Prince Harry, one of several high-profile celebrities suing Associated Newspapers Ltd. in the U.K., has filed a witness statement claiming the Royal Family excluded him from conversations about allegations of phone tapping and other privacy violations.
The Duke of Sussex, who was present in court both Monday and Tuesday this week, said the restricted information from the Palace caused him paranoia and put a strain on his personal relationships.
Buckingham Palace has not commented publicly on the prince’s allegations.
Prince Harry, alongside singer Elton John, actors Liz Hurley and Sadie Frost and others, are suing Associated Newspapers over claims their personal information was illegally obtained by the company and published in numerous Daily Mail stories.
The case alleges Associated Newspapers, which publishes titles including the Daily Mail, commissioned the “breaking and entry into private property,” engaging in unlawful acts that included hiring private investigators to bug homes and cars and record private phone conversations. The lawsuit also alleges Associated Newspapers hacked private voicemail systems and obtained personal credit card statements.
Associated Newspapers has denied all wrongdoing. The company called the allegations “preposterous smears.”
Prince Harry, 38, claimed he was only made aware of allegations against Associated Newspapers in 2018 after he sought legal counsel beyond the Royal Family. He argued the Royal Family and their advisory staff had “without a doubt” kept him in the dark.
“Following the death of my mother in 1997 when I was 12 years old and her treatment at the hands of the press, I have always had an uneasy relationship with the press,” Prince Harry wrote in his witness statement.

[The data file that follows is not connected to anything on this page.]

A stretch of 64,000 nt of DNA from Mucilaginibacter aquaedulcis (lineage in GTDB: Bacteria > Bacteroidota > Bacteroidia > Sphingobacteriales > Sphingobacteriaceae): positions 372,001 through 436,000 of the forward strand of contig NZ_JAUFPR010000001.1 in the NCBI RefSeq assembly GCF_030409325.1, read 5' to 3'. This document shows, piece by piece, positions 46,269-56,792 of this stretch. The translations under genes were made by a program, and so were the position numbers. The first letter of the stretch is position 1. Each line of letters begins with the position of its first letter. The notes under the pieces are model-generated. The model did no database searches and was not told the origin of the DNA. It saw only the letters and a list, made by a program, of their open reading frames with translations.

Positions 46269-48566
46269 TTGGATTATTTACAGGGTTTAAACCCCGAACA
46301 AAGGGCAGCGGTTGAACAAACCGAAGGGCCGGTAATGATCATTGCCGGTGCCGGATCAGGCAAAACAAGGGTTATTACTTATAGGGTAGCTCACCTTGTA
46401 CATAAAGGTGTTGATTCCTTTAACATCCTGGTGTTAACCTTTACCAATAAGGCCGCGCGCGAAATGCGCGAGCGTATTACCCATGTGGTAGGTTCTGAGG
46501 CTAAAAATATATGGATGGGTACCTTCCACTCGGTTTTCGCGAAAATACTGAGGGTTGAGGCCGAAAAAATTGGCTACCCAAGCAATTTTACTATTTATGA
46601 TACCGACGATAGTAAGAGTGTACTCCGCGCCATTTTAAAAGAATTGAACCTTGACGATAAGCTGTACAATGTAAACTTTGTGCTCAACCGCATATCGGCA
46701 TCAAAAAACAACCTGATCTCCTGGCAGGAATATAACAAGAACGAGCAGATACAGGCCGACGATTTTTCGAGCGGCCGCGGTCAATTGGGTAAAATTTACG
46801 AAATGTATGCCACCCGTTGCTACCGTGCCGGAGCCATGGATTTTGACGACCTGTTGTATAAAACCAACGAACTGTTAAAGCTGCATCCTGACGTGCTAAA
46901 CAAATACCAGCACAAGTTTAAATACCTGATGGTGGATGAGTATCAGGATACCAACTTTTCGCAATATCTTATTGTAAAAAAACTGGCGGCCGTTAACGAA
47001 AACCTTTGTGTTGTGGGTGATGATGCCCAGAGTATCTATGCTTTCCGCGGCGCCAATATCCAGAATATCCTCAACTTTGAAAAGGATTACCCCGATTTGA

He argued he was made to adopt the Palace’s “never complain, never explain” philosophy for interacting with the media.
“There was no alternative; I was conditioned to accept it. For the most part, I accepted the interest in my performing my public functions.”
Prince Harry asserted he is “determined to hold Associated accountable, for everyone’s sake.”
“I am bringing this claim because I love my country and I remain deeply concerned by the unchecked power, influence and criminality of Associated,” he continued.
This week, Associated Newspapers, owned by billionaire Rupert Murdoch, attempted to have the case thrown out because the claims are too old and rely on information the company turned over in confidentiality for a separate 2012 probe into media lawbreaking. (Prince Harry said in his witness statement the Palace did not want him to participate in this lawsuit for fears his testimony could “open up a can of worms.”)
Prince Harry lambasted Associated Newspapers’ attempt to have the case dismissed.
He wrote in his statement: “Unfair is not a big enough word to describe the fact that Associated is trying at this early stage to prevent me from bringing my claim.”
“If the most influential and popular newspaper in the UK can evade justice without there being a trial of my claims, then what does that say about the industry as a whole and the consequences for our great country,” he questioned.
Harry, the younger son of King Charles III, and his wife, the former actor Meghan Markle, stepped down as working royals in 2020 and moved to the U.S., citing what they described as the unbearable intrusions and racist attitudes of the British media.
Harry has said he wants to make reforming the British media his life’s work. He fumes at the U.K. media throughout his memoir Spare, published in January. He blamed an overly aggressive press for the 1997 death of his mother, Princess Diana, and also accused the media of hounding Markle.
The couple has turned to British courts to combat what they see as media mistreatment. In December 2021, Meghan won an invasion-of-privacy case against Associated Newspapers over the Mail on Sunday’s publication of a letter she wrote to her estranged father.
Harry is also suing the publisher of another tabloid, the Mirror, in a separate hacking suit.
— With files from The Associated Press
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